“I think a lot of people equate hospital employment with physicians and nurses, but there are many areas within the hospital system that do not require a four-year degree that are critical to the health care arena,” Kiraly said. “You can even have an associate’s degree to become a registered nurse.”

St. Rita’s Medical Center offers most if not all of the same positions as Lima Memorial, along with jobs such as medical lab technicians. Medical lab techs need a two-year degree, but there is also an opportunity to move up if more schooling is obtained.

Jeremy Amstutz, human resources recruiter at St. Rita’s, said he was surprised by the number of jobs that did not require a four-year degree at the hospital.

“I didn’t realize how many more opportunities there were here other than being a doctor or nurse,” Amstutz said. “That’s why, when I go out and talk at high schools and job fairs, I try to get the word out to people that there’s other opportunities to be successful without a four-year degree.”

Available jobs

A quick search of the OhioMeansJobs-Allen County website revealed there are several job openings for careers listed on the CareerCast report, as well as others that pay just as well or better.

Within a 20-mile radius of Lima, there were six respiratory therapist jobs and nine electrician positions. There were also 201 careers that require an associate’s degree, 898 for high school graduates, and 130 for post-secondary or non-degree recipients. A total of 1,243 jobs pay between $30,000 and $79,000, while 149 pay between $80,000 and $99,000.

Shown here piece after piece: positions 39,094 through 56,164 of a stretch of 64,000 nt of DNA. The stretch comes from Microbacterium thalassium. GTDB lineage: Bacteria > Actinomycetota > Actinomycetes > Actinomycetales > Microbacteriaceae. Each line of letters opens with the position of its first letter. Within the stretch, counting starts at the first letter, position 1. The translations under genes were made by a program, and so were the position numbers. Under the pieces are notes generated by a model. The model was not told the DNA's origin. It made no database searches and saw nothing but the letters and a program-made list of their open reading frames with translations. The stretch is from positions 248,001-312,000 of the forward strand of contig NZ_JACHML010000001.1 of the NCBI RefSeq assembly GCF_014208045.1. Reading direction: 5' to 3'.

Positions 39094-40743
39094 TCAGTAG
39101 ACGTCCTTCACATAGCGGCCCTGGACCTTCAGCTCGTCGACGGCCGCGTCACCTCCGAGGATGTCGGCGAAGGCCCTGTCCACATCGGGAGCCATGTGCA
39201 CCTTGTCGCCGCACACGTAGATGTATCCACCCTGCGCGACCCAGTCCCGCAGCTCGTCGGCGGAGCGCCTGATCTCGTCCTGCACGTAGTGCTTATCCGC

Matt Chiles, a member of the United Association of Plumbers, Pipefitters and Service Technicians, brazes a copper joint at the union’s training center. The association helps train workers to advance in their careers.
https://www.limaohio.com/wp-content/uploads/sites/54/2017/08/web1_biz-cover-non-degree-jobs.jpgMatt Chiles, a member of the United Association of Plumbers, Pipefitters and Service Technicians, brazes a copper joint at the union’s training center. The association helps train workers to advance in their careers. Mike Knisley, Lima | Submitted photo
A journeyman rigs a pipe to hoist in the air as part of his training at the United Association of Plumbers, Pipefitters and Service Technicians in Lima.
https://www.limaohio.com/wp-content/uploads/sites/54/2017/08/web1_biz-cover-non-degree-jobs-2.jpgA journeyman rigs a pipe to hoist in the air as part of his training at the United Association of Plumbers, Pipefitters and Service Technicians in Lima. Mike Knisley, Lima | Submitted photo
Greg Eibling, a member of the United Association of Plumbers, Pipefitters and Service Technicians, brings in various plumbing pipes that will be connected inside a wall. This type of hands-on work is common at the association’s training program in Lima.
https://www.limaohio.com/wp-content/uploads/sites/54/2017/08/web1_biz-cover-non-degree-jobs-3.jpgGreg Eibling, a member of the United Association of Plumbers, Pipefitters and Service Technicians, brings in various plumbing pipes that will be connected inside a wall. This type of hands-on work is common at the association’s training program in Lima. Mike Knisley, Lima | Submitted photo
Report notes opportunities without educational investment

By John Bush

jbush@limanews.com

Reach John Bush at 567-242-0456 or on Twitter @Bush_Lima.

Reach John Bush at 567-242-0456 or on Twitter @Bush_Lima.